TANGLED Movie Review
I will admit that I am a bit of what you could call a “Disney snob.” Growing up on such classics as The Little Mermaid, Beauty and the Beast, Aladdin and The Lion King, I normally find it hard to appreciate what animation seems to be in the 21st century – 3D and computer generated characters and new stories that don’t hold the same punch that the old classics did. So, it should be said that when I walked into Walt Disney’s newest animated film, TANGLED, I had my usual set of doubts. It is truly a compliment, then, that I walked out of the theatre with a wonderful sense of happiness and satisfaction, thinking of how I wanted to return with family and friends.
Simply put, Tangled seeks to continue what the 2009 film The Princess and the Frog started – a strong return to the age of Disney renaissance animation, which made the industry so popular in the early 1990’s. The good news is that the movie succeeds – and the result is an age-old fairy tale that touches on the modern world by infusing the Disney magic of witty banter, colorful characters and beautiful animation that will charm both kids and adults alike.
The film’s main character, Rapunzel (voiced by Mandy Moore) is a teenager who has been trapped in a tower by the villainous Mother Gothel (voiced by Donna Murphy) for most of her teenage life. Rapunzel’s magic mane, gifted to her as a child, holds a healing power from a magic flower that Mother Gothel had been using to stay young. When the flower was used by Rapunzel’s mother to heal her illness, she passed the power onto her daughter. Driven by the desire to stay young and escape mortality, Mother Gothel locks Rapunzel up to keep her from escaping and experiencing life in the outside world. When a young bandit, Flynn Rider (voiced by Zachary Levi) accidentally finds her tower while looking for a place to hide, Rapunzel takes him captive and convinces him to be her guide as she navigates the outside world she has never seen. Realizing that there is life that lies beyond the castle walls, she soon becomes aware of what it means to come into her own and experience what life has to offer.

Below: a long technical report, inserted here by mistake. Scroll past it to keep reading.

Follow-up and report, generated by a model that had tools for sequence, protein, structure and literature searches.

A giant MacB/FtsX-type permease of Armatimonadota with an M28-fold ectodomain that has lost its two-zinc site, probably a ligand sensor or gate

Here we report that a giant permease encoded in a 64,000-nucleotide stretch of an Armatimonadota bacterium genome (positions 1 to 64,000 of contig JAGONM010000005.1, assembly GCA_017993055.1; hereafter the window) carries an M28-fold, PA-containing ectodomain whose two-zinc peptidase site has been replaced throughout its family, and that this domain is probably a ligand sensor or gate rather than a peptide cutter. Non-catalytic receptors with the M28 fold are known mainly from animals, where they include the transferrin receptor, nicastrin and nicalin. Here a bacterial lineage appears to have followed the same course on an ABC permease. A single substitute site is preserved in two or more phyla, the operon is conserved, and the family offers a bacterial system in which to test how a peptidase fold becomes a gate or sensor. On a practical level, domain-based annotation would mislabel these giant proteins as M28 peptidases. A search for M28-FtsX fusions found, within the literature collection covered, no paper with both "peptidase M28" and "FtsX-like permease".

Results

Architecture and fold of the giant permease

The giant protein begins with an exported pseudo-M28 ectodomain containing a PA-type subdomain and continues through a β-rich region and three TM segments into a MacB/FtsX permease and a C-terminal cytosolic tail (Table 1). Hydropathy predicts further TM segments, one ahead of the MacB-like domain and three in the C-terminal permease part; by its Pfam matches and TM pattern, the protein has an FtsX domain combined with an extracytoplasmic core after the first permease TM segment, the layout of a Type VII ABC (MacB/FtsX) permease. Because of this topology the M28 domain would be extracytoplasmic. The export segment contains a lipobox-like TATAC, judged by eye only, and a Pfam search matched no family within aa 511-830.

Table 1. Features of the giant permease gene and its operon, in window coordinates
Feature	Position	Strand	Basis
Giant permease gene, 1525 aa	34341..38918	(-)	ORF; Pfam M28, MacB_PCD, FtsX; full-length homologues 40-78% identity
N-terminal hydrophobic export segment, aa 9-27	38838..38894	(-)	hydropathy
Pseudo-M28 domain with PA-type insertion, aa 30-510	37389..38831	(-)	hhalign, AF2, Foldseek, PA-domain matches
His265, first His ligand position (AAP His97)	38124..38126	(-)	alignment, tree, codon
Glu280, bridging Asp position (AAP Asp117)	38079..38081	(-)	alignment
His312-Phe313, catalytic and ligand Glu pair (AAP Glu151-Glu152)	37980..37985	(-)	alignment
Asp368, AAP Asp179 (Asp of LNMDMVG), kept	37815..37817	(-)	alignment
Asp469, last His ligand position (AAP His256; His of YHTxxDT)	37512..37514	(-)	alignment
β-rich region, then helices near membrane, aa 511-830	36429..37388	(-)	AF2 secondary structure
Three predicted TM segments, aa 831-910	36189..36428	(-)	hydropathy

The film provides the audience with the usual Disney laughs, along with toned-down humor, and comedic timing and Mandy Moore and Zachary Levi do a commendable job lending just the right amount of emotion to their respective animated characters. Kids particularly will love the antics of Rapunzel’s hair, which, at 70 feet long, could be its own character in the way it seems to take on an almost humorous life of its own. Adults, on the other hand, will appreciate subtle moments of humor that Disney so cleverly works into the screenplay.
It is easy to appreciate the fact that the movie is smartly written, but what truly won me over was, in fact, the 3D animation. The animators used the technology to create lush landscapes and bright colors, designed to easily draw the audience into the movie while also drawing them into the emotional state of the characters. Additionally, Alan Menken, Disney lyricist extraordinaire, creates music that reminds us he still has a gift for lyrics that are heartfelt and poignant, especially when expressed by Moore’s princess-like voice.
Tangled is not only a must-see for all ages, it is a film that will remind you what it feels like having fun at the movies again. It is also a reminder to us as a general movie-goer that Disney does best when sticking to what it is known for – updating classic fairy tales that put them on the map so many years ago.